Your cover story profiling ‘33 young rising stars of Indian education’ (EW March) was interesting and well-written. It’s very encouraging to learn that highly-educated professionals with degrees from the world’s best universities are returning to their motherland, and contributing to reviving Indian education.
However I would have liked to read profiles of young entrepreneurs and educators doing their bit to improve rural education standards.
Inspiring young leader
I was very happy to read the profile of Ryan Pinto, CEO of Ryan International Group of Institutions (RIGI), in ‘33 young rising stars of Indian education’ (EW March).
I have conversed with him and was impressed with his ability to connect with young people. While I did not study at a RIGI School, I have met him twice. On both occasions, he answered all my questions patiently and with clarity. His career advice was instrumental in my choosing a programme at IIT-Guwahati.
Auction bleeding PSEs
The special report on the Union Budget 2017-18 titled ‘Grudging provision for developing human capital’ (EW March) is brilliantly argued. It exposes the indifference of the BJP-NDA government — and of all previous governments — to the education and welfare of children. In its 2014 election manifesto, the BJP had promised to double spending on education to 6 percent of GDP. It has failed miserably in fulfilling this promise.
I wholeheartedly agree with your suggestion for a global auction of the country’s bleeding public sector enterprises (PSEs) including Air India, and for the proceeds to be invested in human capital development. Also your unique tabulation offering the government a roadmap to generate resources for education by cutting non-merit middle class subsidies and establishment expenditure, is practical and doable.
Please send a copy of the EW March issue to the prime, finance and HRD ministers.
I was surprised and disappointed to read in EducationWorld (February) such a prejudiced and unbalanced review of the equally prejudiced and unbalanced book An Era of Darkness by Shashi Tharoor. To condemn the British rulers of India as popinjays and cruel and greedy exploiters is as historically flawed as Tharoor’s economics. Britain sent its very best to rule India. There was a deep love and devotion of India among British civil servants. If not, how would so few of them, supported by a relatively tiny number of British troops (less than 100,000), have ruled 300 million Indians and won the loyalty and obedience of native sepoys?
Unlike the author, the reviewer at least manages to suppress his revisionist cynicism so far as to make a feeble and apparently slightly embarrassed claim for the import of “the free press, rule of law, and the parliamentary system” (though oddly in this of all magazines he is silent on education). And what of the gift of what is the country’s only universal language that has become the main international language of the world, in which India, thanks to Britain, is now so well placed to become a great economic and political power?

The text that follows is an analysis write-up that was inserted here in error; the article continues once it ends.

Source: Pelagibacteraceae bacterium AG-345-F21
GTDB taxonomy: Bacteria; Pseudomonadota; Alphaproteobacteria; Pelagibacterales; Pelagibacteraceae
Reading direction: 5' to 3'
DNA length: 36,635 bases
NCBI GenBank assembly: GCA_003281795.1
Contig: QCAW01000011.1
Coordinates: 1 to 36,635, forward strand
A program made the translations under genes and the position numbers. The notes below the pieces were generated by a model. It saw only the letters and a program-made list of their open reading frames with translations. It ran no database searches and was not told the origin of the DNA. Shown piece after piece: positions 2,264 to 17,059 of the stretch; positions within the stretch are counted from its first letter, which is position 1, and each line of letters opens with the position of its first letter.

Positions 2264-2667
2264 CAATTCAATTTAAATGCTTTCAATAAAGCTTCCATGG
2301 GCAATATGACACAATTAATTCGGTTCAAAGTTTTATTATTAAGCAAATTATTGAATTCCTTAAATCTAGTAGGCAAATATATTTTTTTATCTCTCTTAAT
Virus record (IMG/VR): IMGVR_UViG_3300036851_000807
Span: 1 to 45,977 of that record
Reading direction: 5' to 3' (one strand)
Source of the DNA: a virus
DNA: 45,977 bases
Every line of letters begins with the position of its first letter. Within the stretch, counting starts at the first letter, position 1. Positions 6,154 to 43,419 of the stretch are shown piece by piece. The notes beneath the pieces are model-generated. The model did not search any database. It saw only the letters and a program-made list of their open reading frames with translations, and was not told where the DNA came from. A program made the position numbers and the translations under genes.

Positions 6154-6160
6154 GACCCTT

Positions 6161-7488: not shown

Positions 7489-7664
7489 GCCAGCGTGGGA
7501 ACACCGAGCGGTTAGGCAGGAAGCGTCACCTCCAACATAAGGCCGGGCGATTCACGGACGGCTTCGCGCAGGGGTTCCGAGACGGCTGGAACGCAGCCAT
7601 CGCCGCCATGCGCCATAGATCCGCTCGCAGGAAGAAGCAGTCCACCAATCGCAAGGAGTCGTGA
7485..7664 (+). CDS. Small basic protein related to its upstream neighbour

As for the author’s economic illiteracy, the reviewer swallows it uncritically. Uniquely in imperial history from the dawn of civilization, the British Empire did not take the taxes it collected home. They were spent in and for India on the civil and military establishments, vast infrastructure projects, disaster relief, keeping the peace and fair administration of justice — all with a historically unique lack of corruption (an imported virtue that sadly India has proved unable to retain).
It’s not surprising that the spurious research on which this book is based is American and that its blinkered author lives in that country. America has so prided itself on its mindless “four legs good, two legs bad” anti-imperialism since the end of the last World War that it has brought to almost none of the wretched countries in which it has made war any of the benefits that the British took to India and its colonies.
In the Education Briefs story titled ‘NPSC’s 44th Convention’ (EW March), the names and details of the chief guest and speakers of the 2016 (instead of 2017) conference were inadvertently published. The chief guest of the 44th NPSC 2017 was Amitabh Kant, CEO of the NITI Aayog.
We regret the error and present the corrected version in this issue (p.26) — Editor